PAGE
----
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Death and Funerals

Source:
The Islamic World: Past and Present What is This? Accessible coverage of Islam from the seventh century to the twenty-first century

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    Death and Funerals

    The Qur'an refers to death as “the certainty.” For Muslims, death is the most important stage in the soul's progress toward God. For this reason, Muslims try to prepare themselves spiritually for it. In Islam, suicide is considered a grave sin.

    When Muslims are near death, they are expected to repent their sins and, if possible, perform ritual ablutions, or purifications. Family and other loved ones should stay close to the dying person to pray for him or her and offer support. Those present at the deathbed should recite the shahadah (expression of faith) in the ear of the dying person so that he or she will remember it when questioned by angels. The dying person should recite it as well, if possible, without needing the encouragement of others. It is also desirable for the dying person to make a will distributing up to one-third of his or her property. When the person's death seems near, family members should recite surah 36 from the Qur'an, which describes God's resuscitation of the dead on Judgment Day and encourages mindfulness of the Islamic faith.

    The Qur'an provides no guidance on funeral rites. Muslims have developed customs concerning procedures during and after death. The family of the deceased is responsible for preparing the body for burial and for leading the funerary prayers. Muslims are required to bury their dead as soon as they are able, preferably before sundown on the day of death. As soon as the body cools, a close relative or a professional washer of the dead gives the body a complete washing in a ritually regulated manner. The body is typically washed three separate times, always in a respectful way that preserves the modesty of the deceased person. The washer plugs the body's openings with cotton, wraps the corpse tightly in a cloth shroud, and applies strong-smelling ointments, such as camphor. Throughout the cleansing process, the body should face Mecca. Some families place the deceased in a simple coffin. Sometimes, however, the body is placed in the earth without a coffin. If a Muslim dies as a martyr, in childbirth, or as the result of an accident, the body is not washed at all, but is buried as it fell. If a man dies at the hajj, his shroud must have no seams. If the deceased is a woman, her face must show through her coverings.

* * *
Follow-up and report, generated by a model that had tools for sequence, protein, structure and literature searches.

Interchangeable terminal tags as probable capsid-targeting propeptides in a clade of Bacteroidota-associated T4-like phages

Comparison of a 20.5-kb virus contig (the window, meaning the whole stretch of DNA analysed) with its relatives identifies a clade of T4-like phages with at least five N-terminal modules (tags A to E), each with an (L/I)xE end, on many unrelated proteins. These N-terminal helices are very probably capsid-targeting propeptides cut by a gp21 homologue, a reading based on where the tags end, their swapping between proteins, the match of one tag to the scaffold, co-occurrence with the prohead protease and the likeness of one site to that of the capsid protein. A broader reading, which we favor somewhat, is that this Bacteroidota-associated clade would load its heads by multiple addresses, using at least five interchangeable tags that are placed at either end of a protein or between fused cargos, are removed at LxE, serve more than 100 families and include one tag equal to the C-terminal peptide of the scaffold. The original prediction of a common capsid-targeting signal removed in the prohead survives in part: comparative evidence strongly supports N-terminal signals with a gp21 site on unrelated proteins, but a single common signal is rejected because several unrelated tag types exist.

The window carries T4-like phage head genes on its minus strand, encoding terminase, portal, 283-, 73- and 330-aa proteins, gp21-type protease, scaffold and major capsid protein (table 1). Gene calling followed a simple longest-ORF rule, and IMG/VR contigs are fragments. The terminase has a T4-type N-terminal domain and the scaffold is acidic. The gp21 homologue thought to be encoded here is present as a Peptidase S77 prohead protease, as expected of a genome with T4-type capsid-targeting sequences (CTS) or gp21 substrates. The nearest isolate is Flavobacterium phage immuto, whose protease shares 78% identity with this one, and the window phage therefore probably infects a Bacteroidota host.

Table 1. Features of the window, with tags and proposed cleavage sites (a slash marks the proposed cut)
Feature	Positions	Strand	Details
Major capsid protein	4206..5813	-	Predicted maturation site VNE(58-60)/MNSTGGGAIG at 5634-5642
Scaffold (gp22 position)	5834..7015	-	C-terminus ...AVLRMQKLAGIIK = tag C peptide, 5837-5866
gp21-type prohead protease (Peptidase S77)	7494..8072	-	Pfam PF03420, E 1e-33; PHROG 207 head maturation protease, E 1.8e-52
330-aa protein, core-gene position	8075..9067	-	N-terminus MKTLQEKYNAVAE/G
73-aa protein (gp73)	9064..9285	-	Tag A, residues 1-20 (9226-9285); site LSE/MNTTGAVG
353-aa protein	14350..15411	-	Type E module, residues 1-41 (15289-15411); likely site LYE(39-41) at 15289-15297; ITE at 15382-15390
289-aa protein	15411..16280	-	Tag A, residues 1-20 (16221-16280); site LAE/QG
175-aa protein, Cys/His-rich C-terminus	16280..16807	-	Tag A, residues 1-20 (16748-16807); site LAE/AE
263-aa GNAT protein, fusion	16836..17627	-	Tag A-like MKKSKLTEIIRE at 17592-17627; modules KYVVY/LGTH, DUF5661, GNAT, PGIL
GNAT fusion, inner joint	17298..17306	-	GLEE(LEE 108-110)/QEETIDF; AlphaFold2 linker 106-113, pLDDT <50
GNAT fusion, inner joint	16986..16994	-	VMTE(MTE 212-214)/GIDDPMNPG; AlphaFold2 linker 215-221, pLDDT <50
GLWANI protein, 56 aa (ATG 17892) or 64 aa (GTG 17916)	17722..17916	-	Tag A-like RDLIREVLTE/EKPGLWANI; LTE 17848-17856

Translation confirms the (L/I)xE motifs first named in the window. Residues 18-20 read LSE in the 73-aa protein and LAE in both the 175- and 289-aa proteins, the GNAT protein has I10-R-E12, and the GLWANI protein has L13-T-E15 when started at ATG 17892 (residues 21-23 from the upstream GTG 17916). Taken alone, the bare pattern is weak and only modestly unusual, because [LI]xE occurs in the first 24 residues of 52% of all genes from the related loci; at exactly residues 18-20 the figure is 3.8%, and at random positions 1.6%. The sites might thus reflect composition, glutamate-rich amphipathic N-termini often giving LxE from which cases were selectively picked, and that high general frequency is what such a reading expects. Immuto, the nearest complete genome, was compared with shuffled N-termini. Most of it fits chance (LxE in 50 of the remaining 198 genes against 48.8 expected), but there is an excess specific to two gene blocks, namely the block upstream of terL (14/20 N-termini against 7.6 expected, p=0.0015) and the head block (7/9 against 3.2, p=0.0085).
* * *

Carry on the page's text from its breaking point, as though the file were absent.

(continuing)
The funeral service itself can take place in any appropriate, dignified location. Outside of the United States and other Western countries, it usually does not occur in a mosque. Whether the service is held inside or outside, the congregation stands throughout the ceremony. Bearers place the body in the grave, which should be deep enough to protect it from animals and to prevent unpleasant odors from escaping. Male relatives of the deceased enter the grave and arrange the body in its proper position. They place the body on its right side in a niche hollowed out of the grave wall, turn the head toward Mecca, and place the cheek on a stone or other support. The person who arranges the body in its final position recites the shahadah in its ear. After the men climb out of the grave, each member of the funeral party throws soil into the grave to fill it. Finally, a member of the party gives a blessing containing a summary of the key beliefs of Islam. Shi'i Muslims also recite the names of the 12 holy imams. Some family members mark the grave with a simple headstone, but tradition discourages the use of elaborate monuments.

    Traditional Muslims believe that the dreaded angels Munkar and Nakir visit the deceased in the grave and question him or her about the shahadah and other tenets of Islam. Satisfactory answers allow the deceased to wait in comfort until the Day of Judgment. According to tradition, if the person gives incorrect answers, he or she experiences various torments, such as feeling the crushing weight of the earth. The deceased remains in this intermediary state, called the barzakh, until the resurrection, when all the dead arise and rejoin their souls for God's judgment on the Last Day.

    Muslims are encouraged to refrain from making loud expressions of grief at funerals because these are believed to increase the deceased person's suffering during the angels' questioning. Visiting the grave and offering prayers are considered worthy acts, but Muslim tradition specifies that mourning should be limited to three days. For widows, the period can last for four months and ten days.

    Although all Muslim societies observe these basic funeral customs, many regional and folk practices also exist. Throughout the world, many Muslims include feasts in their rituals. Muslims in the southern Philippines sacrifice cows for the dead. In Java, Muslims place food offerings under the bed of the deceased during the first 40 days after the death. Family members in Iran may wrap the body in a cloth inscribed with quotations from the Qur'an. In Sudan, mourners place pebbles on top of the grave. In a custom with possible pre-Islamic origins, Muslims in Malaysia put betel nut scissors on the torso of the deceased to prevent demons and ghosts from stepping on it. In some parts of Egypt, Bedouin women mourn by wailing in high-pitched voices. Lebanese mourners may bake special pastries as a sacrifice for the dead. In some places, including the United States, Muslims have adopted the custom of viewing the body in an open casket before the funeral. See also Afterlife; Day of Judgment; Shahadah.

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